Ricky B. COLE v. Brenda COLE.
[¶ 1] Ricky B. Cole appeals from a judgment entered in the District Court(Newport, Dow, J.) issuing a protection from abuse order to Brenda Cole, Ricky Cole's wife, and their child pursuant to 19-A M.R.S. § 4002(C) (2007). Ricky Cole argues that the evidence was insufficient to justify the issuance of the protection from abuse order. We affirm the judgment.
[¶ 2] On March 12, 2007, Brenda Cole filed a complaint in the District Court seeking protection from abuse for herself and her minor child. A hearing was held on March 20, 2007, attended by both Ricky and Brenda Cole, at which Brenda Cole and other witnesses described several incidents of abuse to the court. The court issued a protection from abuse order for Brenda and the child, finding that the parties were family or household members, and that Ricky had abused Brenda by preventing her from engaging in certain conduct. See 19-A M.R.S. § 4002(C).
[¶ 3] Our review of the District Court's ruling is limited to a review of the record to determine “whether competent evidence exists to support the trial court's factual conclusions.” See Smith v. Hawthorne, 2002 ME 149, ¶ 15, 804 A.2d 1133, 1138. Ricky argues that there was insufficient evidence from which the court could have concluded that he engaged in conduct that constituted “[c]ompelling a person by force, threat of force or intimidation to engage in conduct from which the person has a right or privilege to abstain or to abstain from conduct in which the person has a right to engage.” 19-A M.R.S. § 4002(C).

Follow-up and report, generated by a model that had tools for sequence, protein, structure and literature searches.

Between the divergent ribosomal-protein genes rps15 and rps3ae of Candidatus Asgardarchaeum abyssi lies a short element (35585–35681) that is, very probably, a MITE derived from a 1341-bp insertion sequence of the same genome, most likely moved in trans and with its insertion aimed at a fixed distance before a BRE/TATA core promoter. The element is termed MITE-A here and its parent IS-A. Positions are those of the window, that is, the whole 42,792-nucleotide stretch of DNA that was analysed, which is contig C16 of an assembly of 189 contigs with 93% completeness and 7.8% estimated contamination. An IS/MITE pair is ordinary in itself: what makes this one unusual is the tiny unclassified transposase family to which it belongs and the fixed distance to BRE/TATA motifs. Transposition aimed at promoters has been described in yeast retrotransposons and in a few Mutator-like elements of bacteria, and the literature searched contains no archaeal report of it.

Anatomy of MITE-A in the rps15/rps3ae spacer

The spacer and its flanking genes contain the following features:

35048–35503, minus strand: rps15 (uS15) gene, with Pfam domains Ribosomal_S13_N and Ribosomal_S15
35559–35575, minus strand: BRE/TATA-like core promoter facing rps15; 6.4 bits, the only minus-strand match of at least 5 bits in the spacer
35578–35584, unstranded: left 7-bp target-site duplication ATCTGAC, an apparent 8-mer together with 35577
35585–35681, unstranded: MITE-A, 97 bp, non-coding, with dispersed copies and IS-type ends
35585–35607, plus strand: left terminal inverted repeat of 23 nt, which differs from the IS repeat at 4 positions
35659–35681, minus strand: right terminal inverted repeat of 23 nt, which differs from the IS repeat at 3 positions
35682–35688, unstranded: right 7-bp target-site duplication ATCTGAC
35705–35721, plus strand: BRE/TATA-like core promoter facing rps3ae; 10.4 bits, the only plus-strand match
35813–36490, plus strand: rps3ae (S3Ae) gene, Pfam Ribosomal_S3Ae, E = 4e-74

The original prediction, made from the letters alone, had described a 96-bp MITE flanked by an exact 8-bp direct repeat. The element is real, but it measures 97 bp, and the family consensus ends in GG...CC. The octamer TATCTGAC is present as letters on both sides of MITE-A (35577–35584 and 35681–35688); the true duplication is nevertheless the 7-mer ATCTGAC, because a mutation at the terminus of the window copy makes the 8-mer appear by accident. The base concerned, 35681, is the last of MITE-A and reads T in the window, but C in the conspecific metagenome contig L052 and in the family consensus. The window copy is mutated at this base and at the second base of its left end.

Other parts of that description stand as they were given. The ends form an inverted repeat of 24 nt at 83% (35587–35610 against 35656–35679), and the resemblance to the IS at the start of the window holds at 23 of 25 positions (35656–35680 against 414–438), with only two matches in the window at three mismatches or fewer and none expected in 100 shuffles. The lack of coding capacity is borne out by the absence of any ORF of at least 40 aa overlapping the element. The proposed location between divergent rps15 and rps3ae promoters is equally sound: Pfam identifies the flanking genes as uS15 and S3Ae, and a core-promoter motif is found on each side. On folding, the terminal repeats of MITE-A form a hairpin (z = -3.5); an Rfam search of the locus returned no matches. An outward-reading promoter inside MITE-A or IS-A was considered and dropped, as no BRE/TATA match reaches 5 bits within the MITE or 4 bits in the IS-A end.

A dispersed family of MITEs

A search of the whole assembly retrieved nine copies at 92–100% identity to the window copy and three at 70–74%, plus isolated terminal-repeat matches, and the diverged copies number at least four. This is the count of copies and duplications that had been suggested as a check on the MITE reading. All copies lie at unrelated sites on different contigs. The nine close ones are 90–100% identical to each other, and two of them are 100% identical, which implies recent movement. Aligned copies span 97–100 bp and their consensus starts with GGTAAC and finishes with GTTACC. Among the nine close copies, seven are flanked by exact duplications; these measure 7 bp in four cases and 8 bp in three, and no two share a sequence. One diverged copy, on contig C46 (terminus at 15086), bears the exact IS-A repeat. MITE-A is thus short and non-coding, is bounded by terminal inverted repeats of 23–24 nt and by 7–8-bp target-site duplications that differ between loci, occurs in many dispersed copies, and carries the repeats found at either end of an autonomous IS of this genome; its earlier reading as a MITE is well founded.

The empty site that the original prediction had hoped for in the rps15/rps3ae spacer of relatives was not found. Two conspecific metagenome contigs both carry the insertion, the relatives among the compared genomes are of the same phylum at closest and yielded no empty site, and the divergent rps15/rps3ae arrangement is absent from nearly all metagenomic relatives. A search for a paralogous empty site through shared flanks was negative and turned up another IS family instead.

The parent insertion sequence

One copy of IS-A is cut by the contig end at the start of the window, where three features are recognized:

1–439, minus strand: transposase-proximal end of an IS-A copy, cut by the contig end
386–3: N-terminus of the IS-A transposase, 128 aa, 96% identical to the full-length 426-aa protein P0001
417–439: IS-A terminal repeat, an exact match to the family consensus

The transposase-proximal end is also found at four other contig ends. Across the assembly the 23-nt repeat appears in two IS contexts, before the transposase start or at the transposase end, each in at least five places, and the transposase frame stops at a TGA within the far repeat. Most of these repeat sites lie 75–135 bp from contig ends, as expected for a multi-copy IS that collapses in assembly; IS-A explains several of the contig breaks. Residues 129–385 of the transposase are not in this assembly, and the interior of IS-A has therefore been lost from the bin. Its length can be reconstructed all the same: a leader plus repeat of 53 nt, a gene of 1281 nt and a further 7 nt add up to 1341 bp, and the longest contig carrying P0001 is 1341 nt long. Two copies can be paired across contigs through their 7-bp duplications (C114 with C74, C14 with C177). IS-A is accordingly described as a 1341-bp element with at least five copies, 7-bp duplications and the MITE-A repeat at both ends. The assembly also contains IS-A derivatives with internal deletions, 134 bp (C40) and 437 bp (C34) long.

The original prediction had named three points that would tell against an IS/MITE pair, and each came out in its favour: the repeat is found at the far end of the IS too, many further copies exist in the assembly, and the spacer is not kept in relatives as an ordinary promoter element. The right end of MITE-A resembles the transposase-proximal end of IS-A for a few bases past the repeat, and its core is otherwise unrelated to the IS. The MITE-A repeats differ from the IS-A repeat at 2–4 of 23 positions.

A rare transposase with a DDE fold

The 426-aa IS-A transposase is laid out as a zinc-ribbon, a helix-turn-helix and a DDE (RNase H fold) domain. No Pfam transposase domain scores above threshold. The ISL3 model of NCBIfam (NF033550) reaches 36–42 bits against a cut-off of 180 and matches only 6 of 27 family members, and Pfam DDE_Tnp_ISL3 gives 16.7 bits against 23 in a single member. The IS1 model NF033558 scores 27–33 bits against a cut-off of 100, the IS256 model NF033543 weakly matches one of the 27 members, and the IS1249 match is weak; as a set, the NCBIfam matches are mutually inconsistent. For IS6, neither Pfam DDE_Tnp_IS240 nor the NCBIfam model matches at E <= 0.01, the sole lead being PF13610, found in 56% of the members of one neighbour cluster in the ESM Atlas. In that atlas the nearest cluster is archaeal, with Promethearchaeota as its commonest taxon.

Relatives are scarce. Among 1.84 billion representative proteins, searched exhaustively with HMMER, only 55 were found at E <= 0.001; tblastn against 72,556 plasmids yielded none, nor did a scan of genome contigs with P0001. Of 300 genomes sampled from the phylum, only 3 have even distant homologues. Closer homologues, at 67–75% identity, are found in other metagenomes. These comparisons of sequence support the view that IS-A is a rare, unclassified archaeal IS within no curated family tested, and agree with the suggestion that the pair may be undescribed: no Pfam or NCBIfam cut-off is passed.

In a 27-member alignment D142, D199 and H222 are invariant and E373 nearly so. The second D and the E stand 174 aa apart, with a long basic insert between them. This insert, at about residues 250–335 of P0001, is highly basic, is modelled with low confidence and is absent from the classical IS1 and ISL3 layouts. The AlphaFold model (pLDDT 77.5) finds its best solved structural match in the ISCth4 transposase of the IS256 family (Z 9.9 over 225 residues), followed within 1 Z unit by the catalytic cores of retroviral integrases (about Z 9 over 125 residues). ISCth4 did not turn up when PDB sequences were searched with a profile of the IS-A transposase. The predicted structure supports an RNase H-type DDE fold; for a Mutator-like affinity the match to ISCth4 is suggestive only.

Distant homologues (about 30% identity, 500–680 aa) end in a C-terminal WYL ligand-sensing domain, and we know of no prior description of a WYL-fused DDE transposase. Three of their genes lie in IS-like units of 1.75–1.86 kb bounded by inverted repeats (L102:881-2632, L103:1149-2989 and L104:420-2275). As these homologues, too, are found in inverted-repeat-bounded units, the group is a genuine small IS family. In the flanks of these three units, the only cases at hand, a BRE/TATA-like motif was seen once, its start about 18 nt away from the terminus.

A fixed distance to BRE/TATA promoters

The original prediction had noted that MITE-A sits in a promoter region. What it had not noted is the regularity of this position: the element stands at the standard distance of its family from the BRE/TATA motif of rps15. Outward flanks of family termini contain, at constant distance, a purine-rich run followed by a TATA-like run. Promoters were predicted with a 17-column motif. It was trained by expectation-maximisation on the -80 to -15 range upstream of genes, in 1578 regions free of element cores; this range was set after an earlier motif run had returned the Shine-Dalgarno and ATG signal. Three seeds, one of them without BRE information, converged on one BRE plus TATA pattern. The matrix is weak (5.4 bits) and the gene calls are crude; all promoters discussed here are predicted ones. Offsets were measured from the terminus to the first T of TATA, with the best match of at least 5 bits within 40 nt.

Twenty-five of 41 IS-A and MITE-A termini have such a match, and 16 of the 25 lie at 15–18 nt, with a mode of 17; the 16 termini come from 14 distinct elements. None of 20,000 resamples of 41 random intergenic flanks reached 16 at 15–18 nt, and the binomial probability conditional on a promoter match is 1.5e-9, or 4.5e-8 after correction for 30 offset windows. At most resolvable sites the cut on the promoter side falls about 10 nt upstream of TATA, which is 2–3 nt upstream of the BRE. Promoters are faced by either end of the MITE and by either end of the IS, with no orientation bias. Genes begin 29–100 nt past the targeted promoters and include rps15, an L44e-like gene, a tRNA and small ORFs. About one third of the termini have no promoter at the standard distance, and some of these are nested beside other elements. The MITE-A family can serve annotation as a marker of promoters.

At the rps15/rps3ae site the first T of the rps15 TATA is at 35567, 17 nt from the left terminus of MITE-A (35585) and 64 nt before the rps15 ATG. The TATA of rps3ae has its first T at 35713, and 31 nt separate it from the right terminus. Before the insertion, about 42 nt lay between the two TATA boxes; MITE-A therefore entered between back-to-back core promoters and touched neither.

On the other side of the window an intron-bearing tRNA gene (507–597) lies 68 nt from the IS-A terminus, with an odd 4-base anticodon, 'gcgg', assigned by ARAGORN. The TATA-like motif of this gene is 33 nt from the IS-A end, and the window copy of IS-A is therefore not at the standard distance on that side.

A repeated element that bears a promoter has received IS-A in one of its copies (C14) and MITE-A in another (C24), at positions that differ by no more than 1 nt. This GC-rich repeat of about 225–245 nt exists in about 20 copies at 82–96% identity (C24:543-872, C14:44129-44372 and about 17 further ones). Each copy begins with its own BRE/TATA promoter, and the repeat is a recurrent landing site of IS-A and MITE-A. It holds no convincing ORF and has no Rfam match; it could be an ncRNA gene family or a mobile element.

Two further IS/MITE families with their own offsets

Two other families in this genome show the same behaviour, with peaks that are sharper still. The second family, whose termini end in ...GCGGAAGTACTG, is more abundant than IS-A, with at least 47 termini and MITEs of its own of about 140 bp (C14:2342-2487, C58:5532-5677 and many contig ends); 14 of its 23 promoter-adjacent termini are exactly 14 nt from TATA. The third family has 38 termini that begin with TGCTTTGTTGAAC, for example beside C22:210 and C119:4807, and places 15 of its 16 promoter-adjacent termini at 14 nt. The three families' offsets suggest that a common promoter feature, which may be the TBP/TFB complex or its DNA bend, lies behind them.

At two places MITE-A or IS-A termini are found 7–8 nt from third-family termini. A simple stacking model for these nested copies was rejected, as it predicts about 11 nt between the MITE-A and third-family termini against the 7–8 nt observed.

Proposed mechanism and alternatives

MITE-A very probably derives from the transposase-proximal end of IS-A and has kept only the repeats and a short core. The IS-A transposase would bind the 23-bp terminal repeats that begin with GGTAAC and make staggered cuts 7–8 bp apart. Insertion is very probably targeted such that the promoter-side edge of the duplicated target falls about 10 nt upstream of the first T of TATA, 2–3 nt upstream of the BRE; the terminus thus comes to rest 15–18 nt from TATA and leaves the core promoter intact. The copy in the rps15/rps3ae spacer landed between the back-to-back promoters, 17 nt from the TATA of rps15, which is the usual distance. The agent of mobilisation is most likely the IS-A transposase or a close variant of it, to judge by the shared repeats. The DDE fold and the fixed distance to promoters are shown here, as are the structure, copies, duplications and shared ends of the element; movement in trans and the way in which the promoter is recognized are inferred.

[¶ 4] Three witnesses testified to Ricky's longstanding pattern of controlling, intimidating, and threatening conduct toward his wife. The court had before it the following evidence that Ricky did exactly what section 4002(C) prohibits: (1) Ricky destroyed a DSL internet box to prevent Brenda from communicating with friends and family; (2) he attempted to keep Brenda isolated in the home away from visitors; (3) he placed Brenda in fear that her children would not be safe alone with him; (4) he had the power to the home cut off in an attempt to drive Brenda out; and (5) he constantly acted in a controlling manner toward her. As the court concluded, Ricky's efforts to isolate, intimidate, and control Brenda are precisely those actions from which the Legislature sought to provide protection in enacting this provision of the statute.
[¶ 5] With respect to the child, competent evidence also exists to support the court's order. According to Brenda's testimony, Ricky “compel[ed] [the child] by force, threat of force or intimidation ․ to abstain from conduct in which [he had] a right to engage.” 19-A M.R.S. § 4002(C). Brenda's testimony indicated that Ricky's conduct prevented the child from sleeping during normal hours and resulted in the child staying up all night with his mother. This fact is sufficient to support the court's determination that the child should also be protected by the order.
[¶ 6] The District Court did not err in finding that abuse had occurred and in granting the protection order.1
The entry is:
1. Ricky Cole also argues that the order should be vacated pursuant to the doctrine of res judicata because a previous protection from abuse order, that Brenda obtained against him had been vacated at her request. Ricky also argues that the order should be vacated because some of the evidence introduced against him was hearsay. We find these arguments meritless.